No significant intergroup variations with regard to the duration of mechanical ventilation (6 vs. 4 days, respectively; P = 0.274), ICU LOS (9 vs. 7 days, respectively; P = 0.131), ventilator-associated pneumonia (13.1% vs. 9.4%, respectively; P = 0.089) nor intra-ICU mortality rate (16.6% vs. 18.5%, respectively; P = 0.225) were found, even if group C showed a longer duration of mechanical ventilation and ICU LOS and a higher mortality rate (Table 1). The duration of increased intracranial hypertension in patients with closed head injuries (defined as an intracranial pressure increase >20 mm Hg or >40% of the basal value) was significantly longer in group C when compared with group S (7 vs. 4 days; P = 0.032) (Table 1).

Significant differences between the 2 groups were noted in the number of radiological examinations performed. The number of chest radiographs performed decreased from 803 (4.3 per patient) to 589 (3.1 per patient) (P < 0.001), and the number of chest CT scans performed decreased from 274 (1.5 per patient) to 145 (0.8 per patient) (P < 0.001) (Table 1). Of note, the reduction in chest radiographs between the 2 groups was limited predominantly to studies requested for diagnostic purposes (471 to 267; P < 0.001). The number of chest radiographs performed to assess device placement did not change between the 2 study periods (332 to 322; P = 0.549) (Table 1; Fig. 2).

Figure 2
Figure 2:
Decrease of means of chest radiographs per patient after bedside lung ultrasound (LUS) introduction. The reduction was related to the examinations requested for clinical reasons, whereas the number of chest radiographs for device control did not substantially change. Values represent medians with 25th to 75th interquartile range. Statistical analysis: 2-tailed Mann–Whitney test. ***P < 0.001. Gray boxes: group C. White boxes: group S.

In group S, 71 patients were found to have significant pleural effusions requiring thoracic drainage. Comparing the preprocedural pleural effusion volume estimation using LUS and Balik et al.'s formula with the actual amount of fluid drained, we found a positive correlation between the estimated and actual volume (Pearson r coefficient: 0.65; P < 0.0001). Statistical analysis found no significant differences between overall measurements, nor between subgroups stratified according to measured interpleural distance (Fig. 3). This positive correlation between the estimated and actual volume drained was also confirmed using the Bland–Altman method (Fig. 4). Patients' BMI did not significantly influence pleural effusion estimation.

Figure 3
Figure 3:
Comparison between pleural effusion (PE) drained volume and previous ultrasound estimation of PE volume with Balik et al.'s formula (mm of interpleural distance * 20 = mL of estimated PE) in the study group (n = 71). US = ultrasound. Statistical analysis: Mann–Whitney test. P was considered significant if <0.05. Data are expressed as mean ± SD.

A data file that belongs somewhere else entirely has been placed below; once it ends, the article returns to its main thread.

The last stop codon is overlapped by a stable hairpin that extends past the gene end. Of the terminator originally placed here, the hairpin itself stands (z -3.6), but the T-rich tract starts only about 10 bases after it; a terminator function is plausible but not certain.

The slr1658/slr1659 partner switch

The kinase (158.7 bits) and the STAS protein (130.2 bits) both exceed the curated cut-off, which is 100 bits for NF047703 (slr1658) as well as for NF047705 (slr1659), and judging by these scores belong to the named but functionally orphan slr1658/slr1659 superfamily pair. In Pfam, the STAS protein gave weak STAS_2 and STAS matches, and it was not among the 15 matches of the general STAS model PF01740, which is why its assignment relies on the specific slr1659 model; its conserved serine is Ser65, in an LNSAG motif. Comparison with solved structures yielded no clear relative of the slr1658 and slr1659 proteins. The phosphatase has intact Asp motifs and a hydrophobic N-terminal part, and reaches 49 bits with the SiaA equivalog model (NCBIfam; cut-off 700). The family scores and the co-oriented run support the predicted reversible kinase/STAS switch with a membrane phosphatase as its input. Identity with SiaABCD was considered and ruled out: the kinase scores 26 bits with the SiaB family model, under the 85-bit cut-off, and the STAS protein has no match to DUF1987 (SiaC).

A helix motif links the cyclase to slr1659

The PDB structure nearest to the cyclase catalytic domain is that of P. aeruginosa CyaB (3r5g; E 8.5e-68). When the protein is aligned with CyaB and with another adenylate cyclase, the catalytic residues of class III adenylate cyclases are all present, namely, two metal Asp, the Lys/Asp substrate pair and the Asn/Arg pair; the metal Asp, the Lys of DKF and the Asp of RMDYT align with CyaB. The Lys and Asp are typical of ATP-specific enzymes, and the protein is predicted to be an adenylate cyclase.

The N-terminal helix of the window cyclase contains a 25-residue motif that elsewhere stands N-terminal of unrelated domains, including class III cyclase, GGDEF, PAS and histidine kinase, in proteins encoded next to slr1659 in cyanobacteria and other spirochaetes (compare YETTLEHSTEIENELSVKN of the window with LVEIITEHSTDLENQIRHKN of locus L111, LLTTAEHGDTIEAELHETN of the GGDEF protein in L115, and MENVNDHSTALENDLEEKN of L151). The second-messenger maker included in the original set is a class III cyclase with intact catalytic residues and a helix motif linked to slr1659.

Figure 4
Figure 4:
Bland–Altman plot showing the ratio of the mean difference and 95% limits of agreement for (ultrasound estimation − volume drained). PE = pleural effusion.

DISCUSSION

After the recent introduction of portable and affordable high-resolution ultrasound devices into daily clinical practice, bedside ICU ultrasonography has become a safe and cost-effective initial step in the evaluation of chest, abdomen, and vascular pathologies, and it offers significant assistance for invasive procedures.6,16 The clinical utility of LUS has also been reinforced by literature reporting the poor utility of daily chest plain films in ICU patients.7,9

This study addresses the effectiveness of bedside ultrasonography in the ICU setting as an alternative to chest radiographs and CT scans. After the introduction of routine LUS in our ICU, we found a significant decrease in the number of chest radiographs (−26%) and CT scans (−47%) performed, with no significant adverse changes to patient mortality (Table 1). Because the 2 study groups were similar in terms of demographics and clinical characteristics (Table 1), and because the ICU physicians were unaware of the study, the observed differences in the number of radiological studies performed might be directly attributed to the introduction of LUS into our ICU. This decrease in the number of chest radiographs and CT scans obtained by our staff was particularly notable after the third month of the insertion of the protocol into the routine care of patients (Fig. 5, panel A). This suggests that 2 to 3 months of experience with LUS is required to observe a relevant change in the decision-making patterns of the clinicians. No significant changes in radiological examination requests were noted during the control/LUS training period. Considering the decrease in number of patients transported out of the ICU to radiology,2,17 and the decrease in patient exposure to radiation and CT-scan contrast medium,18 we believe that these changes present a notable improvement in overall patient safety and care.